Family of Afghan boy who wore Lionel Messi shirt forced to flee to capital
Murtaza, seven, has faced threats because the family is perceived to be wealthy after publicity following his meeting with the footballer.
A young Afghan football fan who shot to fame after he was photographed in a Messi shirt made from a plastic bag has been forced to flee with his family to the capital after criminal gangs and the Taliban threatened to kill or kidnap him, his mother has said.
Since becoming an internet sensation, Shafiqa Ahmedi said her now seven-year-old son Murtaza, a fan of Argentinian soccer star Lionel Messi, has not been able to attend school and now they are living in an unheated room in Kabul.
She said the cold and the damp are making Murtaza sick.
“He is always cold,” she said.
Temperatures in Kabul hover around 11C (52F) during the day.
The picture of Murtaza in his plastic Messi shirt playing football went viral on social media two years ago.
He met his hero in December last year.
But his popularity has turned into a nightmare for Murtaza and his family.
“I wish Murtaza had never become so famous,” she said.
“It has created a big problem for us and for him. For the last two years we have not been able to send him to school.
“I wish none of this had ever happened.”
Criminals threatened to kidnap Murtaza after demanding money, assuming the boy’s brush with fame somehow resulted in a windfall of money.
Taliban insurgents stopped local school buses asking if anyone knew of Murtaza.
They, too, had seen pictures of young Murtaza meeting Messi in the Middle Eastern state of Qatar, where he received a T-shirt from his hero.
Last November, when Taliban fighters launched attacks in their home district of Joguri in violent Ghazni province, the family fled to the relative safety of Bamiyan province in Central Afghanistan.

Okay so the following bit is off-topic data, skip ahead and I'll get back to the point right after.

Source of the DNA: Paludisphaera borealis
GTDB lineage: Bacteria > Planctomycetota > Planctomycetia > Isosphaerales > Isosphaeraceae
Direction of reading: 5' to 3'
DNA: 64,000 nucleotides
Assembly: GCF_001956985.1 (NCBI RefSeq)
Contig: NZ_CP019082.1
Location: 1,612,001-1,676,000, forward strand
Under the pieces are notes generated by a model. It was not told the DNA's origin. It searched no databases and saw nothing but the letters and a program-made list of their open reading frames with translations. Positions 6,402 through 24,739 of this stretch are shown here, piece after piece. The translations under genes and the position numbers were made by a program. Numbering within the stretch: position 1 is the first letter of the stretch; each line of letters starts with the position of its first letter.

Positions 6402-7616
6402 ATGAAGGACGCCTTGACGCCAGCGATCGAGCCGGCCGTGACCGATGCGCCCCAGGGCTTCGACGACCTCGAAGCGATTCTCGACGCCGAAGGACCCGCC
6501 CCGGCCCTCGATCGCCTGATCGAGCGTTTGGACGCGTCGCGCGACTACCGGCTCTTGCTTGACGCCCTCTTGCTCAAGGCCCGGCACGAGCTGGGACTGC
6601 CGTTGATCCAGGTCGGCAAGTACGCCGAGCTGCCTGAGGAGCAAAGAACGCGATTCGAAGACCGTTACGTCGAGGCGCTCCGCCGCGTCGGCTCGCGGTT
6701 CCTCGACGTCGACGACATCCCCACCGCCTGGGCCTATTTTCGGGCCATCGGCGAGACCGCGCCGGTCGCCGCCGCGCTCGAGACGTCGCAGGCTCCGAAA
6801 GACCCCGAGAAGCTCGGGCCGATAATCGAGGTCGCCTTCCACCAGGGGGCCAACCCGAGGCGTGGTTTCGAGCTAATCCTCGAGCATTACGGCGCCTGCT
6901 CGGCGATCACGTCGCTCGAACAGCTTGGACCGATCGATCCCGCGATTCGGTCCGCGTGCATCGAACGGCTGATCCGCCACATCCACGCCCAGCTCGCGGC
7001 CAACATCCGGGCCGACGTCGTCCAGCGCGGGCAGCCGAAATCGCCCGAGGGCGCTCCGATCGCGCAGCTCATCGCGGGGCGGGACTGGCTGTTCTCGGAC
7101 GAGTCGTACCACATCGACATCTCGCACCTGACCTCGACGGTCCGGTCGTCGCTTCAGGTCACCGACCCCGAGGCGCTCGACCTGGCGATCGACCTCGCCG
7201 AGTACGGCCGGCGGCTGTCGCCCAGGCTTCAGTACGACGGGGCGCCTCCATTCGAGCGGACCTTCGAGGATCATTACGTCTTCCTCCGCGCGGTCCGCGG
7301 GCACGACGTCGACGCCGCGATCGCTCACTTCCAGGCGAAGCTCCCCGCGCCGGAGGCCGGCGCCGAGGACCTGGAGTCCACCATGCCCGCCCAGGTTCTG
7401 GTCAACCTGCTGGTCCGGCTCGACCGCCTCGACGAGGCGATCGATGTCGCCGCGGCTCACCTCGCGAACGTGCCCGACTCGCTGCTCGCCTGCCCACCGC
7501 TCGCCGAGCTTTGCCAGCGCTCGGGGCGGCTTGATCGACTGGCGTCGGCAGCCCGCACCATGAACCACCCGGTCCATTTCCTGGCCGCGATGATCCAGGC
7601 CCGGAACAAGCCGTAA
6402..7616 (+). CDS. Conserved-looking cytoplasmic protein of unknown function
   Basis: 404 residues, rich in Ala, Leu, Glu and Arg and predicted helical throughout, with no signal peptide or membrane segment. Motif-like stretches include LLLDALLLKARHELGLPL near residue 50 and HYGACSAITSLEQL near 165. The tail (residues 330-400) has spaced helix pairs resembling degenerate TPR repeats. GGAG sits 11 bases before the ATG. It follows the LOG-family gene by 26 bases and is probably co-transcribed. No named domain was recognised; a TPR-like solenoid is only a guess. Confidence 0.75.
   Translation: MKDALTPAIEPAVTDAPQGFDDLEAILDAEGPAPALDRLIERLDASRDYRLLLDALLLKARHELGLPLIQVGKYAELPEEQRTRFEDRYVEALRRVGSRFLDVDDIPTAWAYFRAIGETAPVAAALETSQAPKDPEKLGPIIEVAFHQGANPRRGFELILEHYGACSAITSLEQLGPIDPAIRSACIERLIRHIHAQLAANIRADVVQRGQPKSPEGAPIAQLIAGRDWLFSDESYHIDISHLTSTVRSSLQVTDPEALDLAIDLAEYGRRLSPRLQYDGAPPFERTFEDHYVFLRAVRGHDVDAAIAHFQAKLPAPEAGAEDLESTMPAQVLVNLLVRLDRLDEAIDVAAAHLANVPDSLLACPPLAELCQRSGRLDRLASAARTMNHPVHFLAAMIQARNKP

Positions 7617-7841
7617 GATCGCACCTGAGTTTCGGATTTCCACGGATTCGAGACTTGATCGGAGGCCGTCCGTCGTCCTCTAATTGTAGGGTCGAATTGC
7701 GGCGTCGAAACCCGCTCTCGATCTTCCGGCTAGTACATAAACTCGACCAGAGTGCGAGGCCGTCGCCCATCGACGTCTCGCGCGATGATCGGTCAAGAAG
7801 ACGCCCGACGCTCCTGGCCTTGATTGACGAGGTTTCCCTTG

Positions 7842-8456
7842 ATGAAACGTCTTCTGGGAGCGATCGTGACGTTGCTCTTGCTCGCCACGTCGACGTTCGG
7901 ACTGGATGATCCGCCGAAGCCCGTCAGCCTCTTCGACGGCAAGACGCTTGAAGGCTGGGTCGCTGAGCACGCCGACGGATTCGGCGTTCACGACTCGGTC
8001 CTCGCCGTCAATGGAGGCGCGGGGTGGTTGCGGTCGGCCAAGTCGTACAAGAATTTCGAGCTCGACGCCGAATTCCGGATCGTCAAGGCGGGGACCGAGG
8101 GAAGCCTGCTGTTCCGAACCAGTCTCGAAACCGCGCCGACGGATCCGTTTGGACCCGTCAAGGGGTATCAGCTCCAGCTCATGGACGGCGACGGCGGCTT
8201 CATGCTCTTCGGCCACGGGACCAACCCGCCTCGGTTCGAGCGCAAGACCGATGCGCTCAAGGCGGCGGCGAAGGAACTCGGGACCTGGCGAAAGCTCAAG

But the threats continued.
The move to the Afghan capital three weeks ago has been painful.
Murtaza is the youngest of five children and the family is paying the equivalent of about 90 dollars a month for a room in Kabul.
Murtaza’s uncle Asif Ahmedi said the family received at least 10 letters and several phone calls from a variety of criminal gangs threatening to kill Murtaza or kidnap him if they did not give them money.
“Everyone thinks that because he became famous that we now have lots of money, but we are poor people,” he said.
“The gunmen in our area were saying,’you got lots of money from Messi and you should give us the money otherwise your son will be kidnapped’.”
Criminal gangs roam freely in most of Afghanistan, which has been at war for 17 years.
Most of the country’s 38 million people are dirt poor and the country’s police and army have been besieged by Taliban insurgents in near daily attacks.
Corruption is rampant in Afghanistan and many local police are in cahoots with criminal gangs.
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